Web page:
‘Mod­ern Hog­a­rth’ Cold­war Steve goes pub­lic with sur­real vi­sions

The Guardian - - NATIONAL - Nazia Parveen

Con­sid­ered by some a “mod­ern Hog­a­rth” and bet­ter known as Cold­war Steve by his le­gion of on­line fans, Christo­pher Spencer’s sur­real vi­sions of Brexit Bri­tain have been show­cased in pub­lic for the first time on a Liver­pool bill­board.

Two years ago Spencer was an un­known artist. He didn’t get into uni­ver­sity and had been floun­der­ing be­tween jobs. He had a break­down and at­tempted sui­cide. But this re­sulted in Cold­war Steve – a darkly comic Twit­ter pro­file ded­i­cated to ab­sur­dist pho­tomon­tages.

“I started sketch­ing as soon as I popped out of the womb … but this is some­thing I could never have ex­pected in my wildest dreams,” he told the Guardian at the un­veil­ing of his first pub­lic com­mis­sion – a 16ft bill­board in Wil­liamson Square, Liver­pool.

In­spired by the third panel of Hierony­mus Bosch’s Gar­den of Earthly De­lights, the piece, en­ti­tled the Fourth Es­tate, is a large-scale por­trait of the UK news land­scape.

His works fea­ture lead­ers such as Don­ald Trump and Theresa May grap­pling for space against mun­dane back­drops with low-level celebri­ties in­clud­ing the ever-present fig­ure of EastEn­ders ac­tor Steve McFad­den.

The idea be­hind the bill­board, he said, is that “peo­ple will sit and eat their sarnies in front of it” and at­tempt to iden­tify the char­ac­ters.

Cow­ell shows off his tanned torso as he is thrust for­ward by a lizard on a leash. Paul Dacre, the for­mer ed­i­tor of the Daily Mail, scur­ries in the back­ground with a sin­gle striped plas­tic bag, while Jeremy Cor­byn hangs on a lamp­post des­per­ately try­ing to es­cape. The scene is set in Spencer’s birth­place – a pit that runs un­der Birm­ing­ham’s in­fa­mous spaghetti junc­tion.

“It is a bear pit,” says Spencer, 43. “A cir­cle of hell in which all the odi­ous char­ac­ters roam. And then, of course, there is Steve [McFad­den], watch­ing on with all the ex­is­ten­tial angst of the ev­ery­day man.”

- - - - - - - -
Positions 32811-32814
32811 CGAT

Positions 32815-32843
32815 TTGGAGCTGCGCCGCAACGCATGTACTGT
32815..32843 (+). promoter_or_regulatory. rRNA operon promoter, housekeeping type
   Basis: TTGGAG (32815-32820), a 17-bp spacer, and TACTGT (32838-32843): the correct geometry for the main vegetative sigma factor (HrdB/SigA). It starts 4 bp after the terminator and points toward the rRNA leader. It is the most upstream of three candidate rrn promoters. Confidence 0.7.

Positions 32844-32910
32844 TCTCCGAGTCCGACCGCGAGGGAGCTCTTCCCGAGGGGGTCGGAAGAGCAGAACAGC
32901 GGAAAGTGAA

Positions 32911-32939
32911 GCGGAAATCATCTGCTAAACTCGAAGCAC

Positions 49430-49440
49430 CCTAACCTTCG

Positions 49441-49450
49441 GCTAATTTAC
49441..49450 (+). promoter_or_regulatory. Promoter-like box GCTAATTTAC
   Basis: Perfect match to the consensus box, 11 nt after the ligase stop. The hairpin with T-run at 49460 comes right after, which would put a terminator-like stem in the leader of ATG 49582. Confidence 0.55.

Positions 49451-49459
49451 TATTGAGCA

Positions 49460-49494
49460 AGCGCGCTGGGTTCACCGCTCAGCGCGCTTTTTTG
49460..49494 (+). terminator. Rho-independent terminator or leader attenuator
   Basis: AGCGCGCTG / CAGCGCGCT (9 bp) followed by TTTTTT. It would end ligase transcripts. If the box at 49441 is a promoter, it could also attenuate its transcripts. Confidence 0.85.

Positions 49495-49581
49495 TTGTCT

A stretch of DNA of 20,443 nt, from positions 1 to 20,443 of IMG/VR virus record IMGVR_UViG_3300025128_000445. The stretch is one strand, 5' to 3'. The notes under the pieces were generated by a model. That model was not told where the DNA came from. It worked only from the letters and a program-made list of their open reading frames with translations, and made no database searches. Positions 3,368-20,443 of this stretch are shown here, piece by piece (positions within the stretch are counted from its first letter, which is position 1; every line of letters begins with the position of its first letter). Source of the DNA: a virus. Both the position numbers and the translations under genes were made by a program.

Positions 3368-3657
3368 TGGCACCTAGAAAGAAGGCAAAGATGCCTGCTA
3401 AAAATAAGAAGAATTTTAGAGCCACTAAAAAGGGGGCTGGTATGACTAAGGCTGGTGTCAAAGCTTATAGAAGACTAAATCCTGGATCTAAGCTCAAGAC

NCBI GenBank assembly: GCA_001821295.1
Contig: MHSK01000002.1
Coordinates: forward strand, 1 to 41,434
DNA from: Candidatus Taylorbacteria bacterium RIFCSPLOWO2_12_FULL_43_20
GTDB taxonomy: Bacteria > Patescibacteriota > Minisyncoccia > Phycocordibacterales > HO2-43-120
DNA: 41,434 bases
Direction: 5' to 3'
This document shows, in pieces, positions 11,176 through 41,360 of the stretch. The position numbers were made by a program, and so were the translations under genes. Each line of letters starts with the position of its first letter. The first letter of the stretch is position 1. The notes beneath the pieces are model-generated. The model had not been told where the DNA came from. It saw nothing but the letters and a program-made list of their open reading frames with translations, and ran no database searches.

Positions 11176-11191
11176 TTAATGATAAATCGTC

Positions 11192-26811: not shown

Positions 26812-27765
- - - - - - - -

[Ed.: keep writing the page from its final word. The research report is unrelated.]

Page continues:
With this first pub­lic art dis­play Spencer finds him­self in good com­pany – the work was com­mis­sioned by the Rapid Re­sponse Unit, an ex­per­i­men­tal project in Liver­pool fus­ing artists with news and cur­rent af­fairs. Their other com­mis­sions have in­cluded Turner Prize holder Lubaina Himid, Lily Cole and Da­mon Al­barn.

Spencer de­scribes him­self as the nor­mal son of a teacher and driv­ing in­struc­tor. He has ac­cu­mu­lated 111,000 fol­low­ers; ac­tor and di­rec­tor Kathy Burke has called @Cold­war_ Steve “one of the fun­ni­est ac­counts on Twit­ter”, while writer Jon Sav­age de­scribed him as a “mod­ern Hog­a­rth or Gill­ray”.

But Spencer has set his sights not on world star­dom but a rather more hum­ble am­bi­tion: to earn enough from his art to buy his first home and help his wife re­tire early.

Two years ago Spencer, who suf­fers from clin­i­cal de­pres­sion, hit a cri­sis point and at­tempted sui­cide.

But it was fol­low­ing a stint in hos­pi­tal and a break from work that he cre­ated his first mon­tages.

“I de­cided to chan­nel ev­ery­thing into art. At first my wife didn’t re­ally get it. I was on my phone all the time. In be­tween bathing the kids I’d be com­pos­ing a new piece and she’d just be like ‘will you get off your fuck­ing phone!”

“But slowly I be­gan to get more of a fol­low­ing and now this.”

The only critic he wishes to win over is also his harsh­est – his 13-yearold daugh­ter.

“She is painfully em­bar­rassed by it all. I’m of­ten re­minded that Justin Bieber has sig­nif­i­cantly more fol­low­ers. I’m fine with it though, it keeps me grounded and she prob­a­bly gets her mis­an­thropy and cyn­i­cism from me.”

‘It is a bear pit. A cir­cle of hell in which all the odi­ous char­ac­ters roam. And then there is Steve McFad­den’ Christo­pher Spencer Artist


Cold­war Steve’s first pub­lic com­mis­sion, The Fourth Es­tate, went on dis­play in Liver­pool

Newspapers in English

Newspapers from UK

© PressReader. All rights reserved.